Image_4_Activity of Tracheal Cytotoxin of Bordetella pertussis in a Human Tracheobronchial 3D Tissue Model.tiff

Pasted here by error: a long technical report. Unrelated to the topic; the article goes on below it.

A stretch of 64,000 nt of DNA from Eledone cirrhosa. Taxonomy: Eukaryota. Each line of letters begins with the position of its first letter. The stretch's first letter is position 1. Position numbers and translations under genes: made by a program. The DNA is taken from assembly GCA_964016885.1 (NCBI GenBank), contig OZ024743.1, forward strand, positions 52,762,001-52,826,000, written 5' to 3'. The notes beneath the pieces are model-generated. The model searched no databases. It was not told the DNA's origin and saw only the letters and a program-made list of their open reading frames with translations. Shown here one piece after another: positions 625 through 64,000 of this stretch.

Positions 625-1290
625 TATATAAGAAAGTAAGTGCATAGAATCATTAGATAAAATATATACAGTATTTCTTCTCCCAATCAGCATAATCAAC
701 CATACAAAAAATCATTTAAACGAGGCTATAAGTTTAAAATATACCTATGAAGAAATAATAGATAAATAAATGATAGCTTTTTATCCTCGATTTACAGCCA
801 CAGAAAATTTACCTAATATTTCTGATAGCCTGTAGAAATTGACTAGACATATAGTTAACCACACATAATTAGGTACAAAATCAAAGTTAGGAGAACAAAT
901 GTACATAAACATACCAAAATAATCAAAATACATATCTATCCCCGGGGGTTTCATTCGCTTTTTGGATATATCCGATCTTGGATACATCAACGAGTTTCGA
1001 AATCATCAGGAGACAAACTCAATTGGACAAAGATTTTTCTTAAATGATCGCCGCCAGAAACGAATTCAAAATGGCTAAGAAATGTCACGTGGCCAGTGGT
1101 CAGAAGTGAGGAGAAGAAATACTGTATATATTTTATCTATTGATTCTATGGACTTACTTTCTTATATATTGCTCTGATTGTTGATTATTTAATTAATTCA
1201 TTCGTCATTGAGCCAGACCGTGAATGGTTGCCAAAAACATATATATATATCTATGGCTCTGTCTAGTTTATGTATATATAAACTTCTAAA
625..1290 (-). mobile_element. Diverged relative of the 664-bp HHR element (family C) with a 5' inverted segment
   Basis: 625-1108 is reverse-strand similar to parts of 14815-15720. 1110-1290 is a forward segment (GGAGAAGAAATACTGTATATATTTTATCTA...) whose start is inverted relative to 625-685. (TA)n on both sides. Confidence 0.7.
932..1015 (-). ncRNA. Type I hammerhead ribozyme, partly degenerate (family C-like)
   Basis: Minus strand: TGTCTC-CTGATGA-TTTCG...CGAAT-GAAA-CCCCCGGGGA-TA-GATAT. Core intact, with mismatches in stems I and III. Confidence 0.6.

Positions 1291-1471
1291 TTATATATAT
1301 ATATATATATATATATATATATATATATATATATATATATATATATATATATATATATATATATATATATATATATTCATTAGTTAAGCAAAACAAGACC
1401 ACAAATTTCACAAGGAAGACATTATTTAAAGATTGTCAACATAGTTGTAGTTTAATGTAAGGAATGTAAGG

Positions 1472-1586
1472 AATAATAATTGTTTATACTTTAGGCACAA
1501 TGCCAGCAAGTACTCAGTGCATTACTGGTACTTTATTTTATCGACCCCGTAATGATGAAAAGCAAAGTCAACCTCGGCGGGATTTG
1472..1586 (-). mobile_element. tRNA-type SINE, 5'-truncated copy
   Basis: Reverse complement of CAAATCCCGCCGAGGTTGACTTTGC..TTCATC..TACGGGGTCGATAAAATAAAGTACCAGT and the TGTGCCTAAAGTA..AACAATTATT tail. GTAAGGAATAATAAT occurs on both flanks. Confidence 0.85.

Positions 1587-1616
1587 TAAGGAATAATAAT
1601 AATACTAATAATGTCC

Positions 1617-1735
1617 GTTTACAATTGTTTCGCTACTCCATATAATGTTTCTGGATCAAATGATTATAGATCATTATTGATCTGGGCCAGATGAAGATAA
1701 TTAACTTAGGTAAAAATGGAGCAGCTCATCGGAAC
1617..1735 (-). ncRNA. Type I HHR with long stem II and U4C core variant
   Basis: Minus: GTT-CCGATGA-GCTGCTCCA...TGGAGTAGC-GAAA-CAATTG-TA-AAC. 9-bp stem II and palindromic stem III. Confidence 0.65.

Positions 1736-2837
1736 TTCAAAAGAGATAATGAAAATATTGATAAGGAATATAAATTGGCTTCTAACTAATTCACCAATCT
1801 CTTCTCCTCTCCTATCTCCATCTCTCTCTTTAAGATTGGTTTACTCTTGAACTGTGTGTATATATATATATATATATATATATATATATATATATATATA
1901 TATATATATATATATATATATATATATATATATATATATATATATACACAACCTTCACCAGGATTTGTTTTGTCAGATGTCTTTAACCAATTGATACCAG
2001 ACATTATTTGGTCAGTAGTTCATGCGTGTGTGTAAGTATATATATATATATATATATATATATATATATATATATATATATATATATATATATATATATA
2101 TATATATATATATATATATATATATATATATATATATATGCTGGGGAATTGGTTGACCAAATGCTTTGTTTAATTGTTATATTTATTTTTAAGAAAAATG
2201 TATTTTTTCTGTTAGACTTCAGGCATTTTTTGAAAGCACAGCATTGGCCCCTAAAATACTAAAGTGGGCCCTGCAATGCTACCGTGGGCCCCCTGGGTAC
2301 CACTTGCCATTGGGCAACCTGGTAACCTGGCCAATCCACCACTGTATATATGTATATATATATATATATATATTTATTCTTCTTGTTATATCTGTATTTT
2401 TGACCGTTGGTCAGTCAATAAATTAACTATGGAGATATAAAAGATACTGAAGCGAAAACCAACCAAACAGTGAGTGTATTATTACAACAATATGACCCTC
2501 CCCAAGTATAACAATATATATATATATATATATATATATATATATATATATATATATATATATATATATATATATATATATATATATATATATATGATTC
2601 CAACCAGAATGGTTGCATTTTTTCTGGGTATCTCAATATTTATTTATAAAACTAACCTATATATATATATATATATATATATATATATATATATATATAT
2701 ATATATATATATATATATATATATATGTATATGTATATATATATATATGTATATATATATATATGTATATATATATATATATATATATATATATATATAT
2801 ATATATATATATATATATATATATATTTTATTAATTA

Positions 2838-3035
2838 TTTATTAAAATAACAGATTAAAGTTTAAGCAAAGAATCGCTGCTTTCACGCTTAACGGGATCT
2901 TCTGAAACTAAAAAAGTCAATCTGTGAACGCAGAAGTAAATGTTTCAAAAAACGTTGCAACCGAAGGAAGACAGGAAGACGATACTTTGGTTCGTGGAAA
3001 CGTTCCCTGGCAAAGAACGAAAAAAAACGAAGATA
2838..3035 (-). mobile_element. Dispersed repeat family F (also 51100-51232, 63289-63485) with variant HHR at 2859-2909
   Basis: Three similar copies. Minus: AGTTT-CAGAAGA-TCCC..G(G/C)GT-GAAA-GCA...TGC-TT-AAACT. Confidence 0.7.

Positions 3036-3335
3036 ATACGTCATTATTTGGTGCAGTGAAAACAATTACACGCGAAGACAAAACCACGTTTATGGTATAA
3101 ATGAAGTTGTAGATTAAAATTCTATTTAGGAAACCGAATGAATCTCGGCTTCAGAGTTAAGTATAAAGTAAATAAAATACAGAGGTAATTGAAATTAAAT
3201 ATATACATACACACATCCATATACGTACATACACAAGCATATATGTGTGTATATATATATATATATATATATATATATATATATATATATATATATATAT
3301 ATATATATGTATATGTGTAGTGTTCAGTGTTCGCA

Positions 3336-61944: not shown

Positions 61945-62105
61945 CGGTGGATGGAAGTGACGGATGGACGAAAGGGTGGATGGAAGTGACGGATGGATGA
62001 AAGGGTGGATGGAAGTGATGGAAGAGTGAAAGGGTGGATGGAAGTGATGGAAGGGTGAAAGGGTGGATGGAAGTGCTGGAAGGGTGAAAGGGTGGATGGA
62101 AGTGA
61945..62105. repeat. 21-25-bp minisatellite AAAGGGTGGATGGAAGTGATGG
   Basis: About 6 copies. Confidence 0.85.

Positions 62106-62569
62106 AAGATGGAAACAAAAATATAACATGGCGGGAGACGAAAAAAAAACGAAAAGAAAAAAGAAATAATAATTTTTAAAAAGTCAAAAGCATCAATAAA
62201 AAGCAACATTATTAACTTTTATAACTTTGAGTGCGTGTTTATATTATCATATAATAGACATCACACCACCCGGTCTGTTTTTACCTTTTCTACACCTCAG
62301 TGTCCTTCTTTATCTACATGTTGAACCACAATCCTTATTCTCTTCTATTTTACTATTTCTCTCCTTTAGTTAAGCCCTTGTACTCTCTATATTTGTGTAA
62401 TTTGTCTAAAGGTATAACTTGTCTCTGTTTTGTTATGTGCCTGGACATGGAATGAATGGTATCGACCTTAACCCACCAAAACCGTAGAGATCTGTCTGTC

Bordetella pertussis is a highly contagious pathogen which causes whooping cough in humans. A major pathophysiology of infection is the extrusion of ciliated cells and subsequent disruption of the respiratory mucosa. Tracheal cytotoxin (TCT) is the only virulence factor produced by B. pertussis that has been able to recapitulate this pathology in animal models. This pathophysiology is well characterized in a hamster tracheal model, but human data are lacking due to scarcity of donor material. We assessed the impact of TCT and lipopolysaccharide (LPS) on the functional integrity of the human airway mucosa by using in vitro airway mucosa models developed by co-culturing human tracheobronchial epithelial cells and human tracheobronchial fibroblasts on porcine small intestinal submucosa scaffold under airlift conditions. TCT and LPS either alone and in combination induced blebbing and necrosis of the ciliated epithelia. TCT and LPS induced loss of ciliated epithelial cells and hyper-mucus production which interfered with mucociliary clearance. In addition, the toxins had a disruptive effect on the tight junction organization, significantly reduced transepithelial electrical resistance and increased FITC-Dextran permeability after toxin incubation. In summary, the results indicate that TCT collaborates with LPS to induce the disruption of the human airway mucosa as reported for the hamster tracheal model.